Saturday, September 02, 2006

The Circle of Life

I've been trying to wrap my head around the inevitable. One of my birds has a tumor.

In some ways, being in medicine makes you stronger - the first jaundiced, pancreatic cancer patient may take your breath away, and the first cachectic, dying patient may overwhelm with innumerable feelings, but eventually the feelings of ineptitude ebb to a level where one can function. After all, you learn what you can do for these patients and how you can make them comfortable. And most importantly, you can talk with them, and use the common language to help them through the difficult times. All things I cannot do with animals.

Finding the tumor on Ava's belly dredged up old feelings of inadequacy and helplessness. No matter how proficient at medicine I become, or how great my bedside manner, these are useless when I step outside the boundaries of the human race. In some ways, what is the use of more than 20 years of education and a lifetime in a healing profession if I don't have the slightest idea how to take care of my pets? And most heart-wrenching is to see suffering in a being smaller than the palm of a hand, knowing that they rely on you for nourishment and comfort, and knowing that you are not able to help.

I wonder at what goes through their minds as they experience discomfort and disease. I want to be able to tell her that things are as they should be, that disease and death are natural parts of the circle of life, and that they often bring us wisdom and acceptance. I want to be able to tell her that I love her very much, and that although I cannot change what may happen today, tomorrow, or in the future, I will always be here to take care of her basic needs. And I want to thank her, for shining light on the false sense of security that constantly creeps up and enshrouds our mortality, and for reminding us of the raw beauty and impermanence of this precious thing called life.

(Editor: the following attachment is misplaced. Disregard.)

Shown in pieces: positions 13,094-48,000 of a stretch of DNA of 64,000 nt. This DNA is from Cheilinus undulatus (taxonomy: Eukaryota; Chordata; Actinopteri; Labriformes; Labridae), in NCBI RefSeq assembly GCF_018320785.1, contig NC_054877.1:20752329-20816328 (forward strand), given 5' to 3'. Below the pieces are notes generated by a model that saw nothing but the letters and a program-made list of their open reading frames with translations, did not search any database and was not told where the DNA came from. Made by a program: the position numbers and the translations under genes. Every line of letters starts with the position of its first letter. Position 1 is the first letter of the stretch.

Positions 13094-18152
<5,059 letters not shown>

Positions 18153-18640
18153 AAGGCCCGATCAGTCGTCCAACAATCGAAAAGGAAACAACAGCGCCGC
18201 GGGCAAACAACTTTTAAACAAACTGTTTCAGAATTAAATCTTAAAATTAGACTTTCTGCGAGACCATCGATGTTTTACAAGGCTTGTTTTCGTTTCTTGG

* Picture showing morning fog outside the log cabins in Yellowstone National Park. Reflects the current state of mind.


Anonymous Moof said...

I'm sorry about your bird is sick. I've had dozens of birds - lots of different types - and I've loved them all to distraction.

My birds seemed to know that they were loved ... and I have a feeling that your touch, and your voice have already done all of the speaking that you wish you could do ...

It's always hard to see something small and helpless hurt ...

{{{ comfort }}}

9:20 PM  
Blogger always learning said...

thanks moof. she's a tough cookie and has come a long way. When we got her from the pound, she was terrified of hands, humans, everything. Now, it's hard to tell that she hasn't always been around people. It's just amazing how accepting and resilient animals can be.

8:50 PM  

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